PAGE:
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Visual Sound V2 Liquid Chorus Reviews

5.0 stars based on 3 customer reviews
  • from Newport News, VA USA June 5, 2012Music Background:
    Hobbyist

    Best Chorus Pedal I've Heard, Super Versatile

    This pedal can get a wide array of different sounds from a subtle chorus to thicken up your sound a bit to an underwater Leslie-type sound. I have the H2O (which is no longer in production) but it had this chorus pedal and an Echo pedal in the same unit. If I could do it again, I think I would buy this pedal instead of the H2O. The Echo side sounds really good (for a digital delay) but I wanted an analog one so I got the MXR Carbon Copy. Long story short; you can't get a better chorus pedal for this price.

  • from FL, USA June 4, 2012Music Background:
    Hobbyist

    VERY solid- sounds great, a lot of control.

    Pedal is very solid, probably could be used as a weapon in hand-to-hand combat before the gig (or after, depending on how you do).

    Also, there is no volume boost when you turn it on. In fact, if anything, there is a SLIGHT volume DROP. I found this convenient, but if a volume boost form your chorus is part of your set-up, be aware you will have to change your set-up slightly with this.

    When you first get it, you will need to play with it for a while. I have used A LOT of pedals, and this one takes an ESPECIALLY long time to figure out how to control it completely. It does not take long to find a good sound, as the pedal is chock full of great sounds, it is just figuring out what all of the knobs do and how to control the sound with them. The key is the fact that the "width" "delay time" and "depth" knobs are all reactive- a change to any one of them makes a change to the others. Although initially confusing, I believe this is a good thing, as it shows the pedal is truly analog, as only analog is reactive like that.

    For those who are like I was, you are probably wondering what the "width" and "delay time" knobs are for. The "width" is basically a texture shaping tool, and the "delay time" basically controls how 'thick' the effect is, if that makes sense. Think of the width knob as like a knob between a sqaure, triangular, and sine wave, if you have ever used a Moog or a Seymour Duncan pedal- it is similar to that. Think of the depth and speed as like the controls for a tremolo, which they mostly are, in this pedal. And think of the delay time knob as the 'true' "depth" knob, as it does most of the depth and 'thickness' shaping. At any rate, this setup gives you a TON of control, and a plethora of GREAT, and even famous, sounds.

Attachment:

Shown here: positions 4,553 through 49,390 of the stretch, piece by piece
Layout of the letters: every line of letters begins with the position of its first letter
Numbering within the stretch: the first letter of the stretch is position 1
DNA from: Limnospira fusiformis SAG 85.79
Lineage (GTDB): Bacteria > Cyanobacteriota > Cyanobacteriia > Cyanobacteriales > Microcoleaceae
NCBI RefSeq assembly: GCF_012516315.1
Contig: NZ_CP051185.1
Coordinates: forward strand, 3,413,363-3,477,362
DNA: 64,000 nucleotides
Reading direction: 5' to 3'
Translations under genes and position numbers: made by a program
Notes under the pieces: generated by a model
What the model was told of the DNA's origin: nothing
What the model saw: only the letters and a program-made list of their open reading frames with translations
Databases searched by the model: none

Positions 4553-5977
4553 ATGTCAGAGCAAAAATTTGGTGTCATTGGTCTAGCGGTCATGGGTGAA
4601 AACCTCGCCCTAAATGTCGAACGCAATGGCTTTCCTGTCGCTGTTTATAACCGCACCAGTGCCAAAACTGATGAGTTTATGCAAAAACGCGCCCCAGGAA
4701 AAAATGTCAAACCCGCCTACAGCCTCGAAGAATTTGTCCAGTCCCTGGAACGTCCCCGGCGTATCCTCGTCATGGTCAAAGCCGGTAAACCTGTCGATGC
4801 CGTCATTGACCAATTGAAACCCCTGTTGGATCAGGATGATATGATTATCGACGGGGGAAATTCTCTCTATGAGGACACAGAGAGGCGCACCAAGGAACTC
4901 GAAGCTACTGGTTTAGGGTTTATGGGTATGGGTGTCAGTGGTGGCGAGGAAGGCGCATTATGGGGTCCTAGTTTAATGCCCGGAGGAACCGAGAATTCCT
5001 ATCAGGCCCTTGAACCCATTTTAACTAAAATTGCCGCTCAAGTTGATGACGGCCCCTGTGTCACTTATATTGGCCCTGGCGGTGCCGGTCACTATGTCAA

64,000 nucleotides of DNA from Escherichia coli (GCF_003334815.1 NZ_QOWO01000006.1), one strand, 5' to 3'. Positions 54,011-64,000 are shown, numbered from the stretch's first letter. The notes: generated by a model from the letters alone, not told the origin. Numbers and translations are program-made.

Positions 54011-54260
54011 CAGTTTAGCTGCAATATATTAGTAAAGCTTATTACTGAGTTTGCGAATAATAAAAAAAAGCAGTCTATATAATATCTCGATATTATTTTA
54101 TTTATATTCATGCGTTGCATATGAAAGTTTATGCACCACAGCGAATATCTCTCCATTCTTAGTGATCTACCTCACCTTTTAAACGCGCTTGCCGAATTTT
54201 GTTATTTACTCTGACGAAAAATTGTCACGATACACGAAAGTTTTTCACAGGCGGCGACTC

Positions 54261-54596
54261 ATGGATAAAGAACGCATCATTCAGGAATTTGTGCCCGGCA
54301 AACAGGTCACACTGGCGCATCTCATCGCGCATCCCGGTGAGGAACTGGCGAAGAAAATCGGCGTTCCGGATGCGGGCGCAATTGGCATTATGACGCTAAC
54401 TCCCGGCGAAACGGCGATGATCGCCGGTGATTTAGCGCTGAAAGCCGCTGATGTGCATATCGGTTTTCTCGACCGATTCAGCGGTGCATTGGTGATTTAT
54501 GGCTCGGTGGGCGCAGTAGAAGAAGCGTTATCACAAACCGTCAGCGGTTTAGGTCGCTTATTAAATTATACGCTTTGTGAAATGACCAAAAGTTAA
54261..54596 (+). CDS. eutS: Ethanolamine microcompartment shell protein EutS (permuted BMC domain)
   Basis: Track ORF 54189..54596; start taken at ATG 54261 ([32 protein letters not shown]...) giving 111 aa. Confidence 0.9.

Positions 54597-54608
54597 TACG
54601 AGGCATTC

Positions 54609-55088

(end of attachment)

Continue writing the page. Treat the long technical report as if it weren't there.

Lastly, LOVE the footswitch. Everybody that buys a VS pedal says this, and with good reason. It is just so solid, has just the right firmness, and you are sure when you have turned it off (not totally undue to the SUPER bright blue LED. Yes, the LED is blue, even though it looks green in the pictures). And beware that this pedal is TALL. you can't see it in the pictures, but when you put the battery in, it stands up straight inside the back of the pedal. So, obviously, the back of the pedal is even taller than that. If you are worried about it hitting the inside of a pedalboard case because of the height, you might want to try setting a 9v battery upright on top of a mousepad where you want the pedal to live- this will give you an approximate idea of how tall it will be.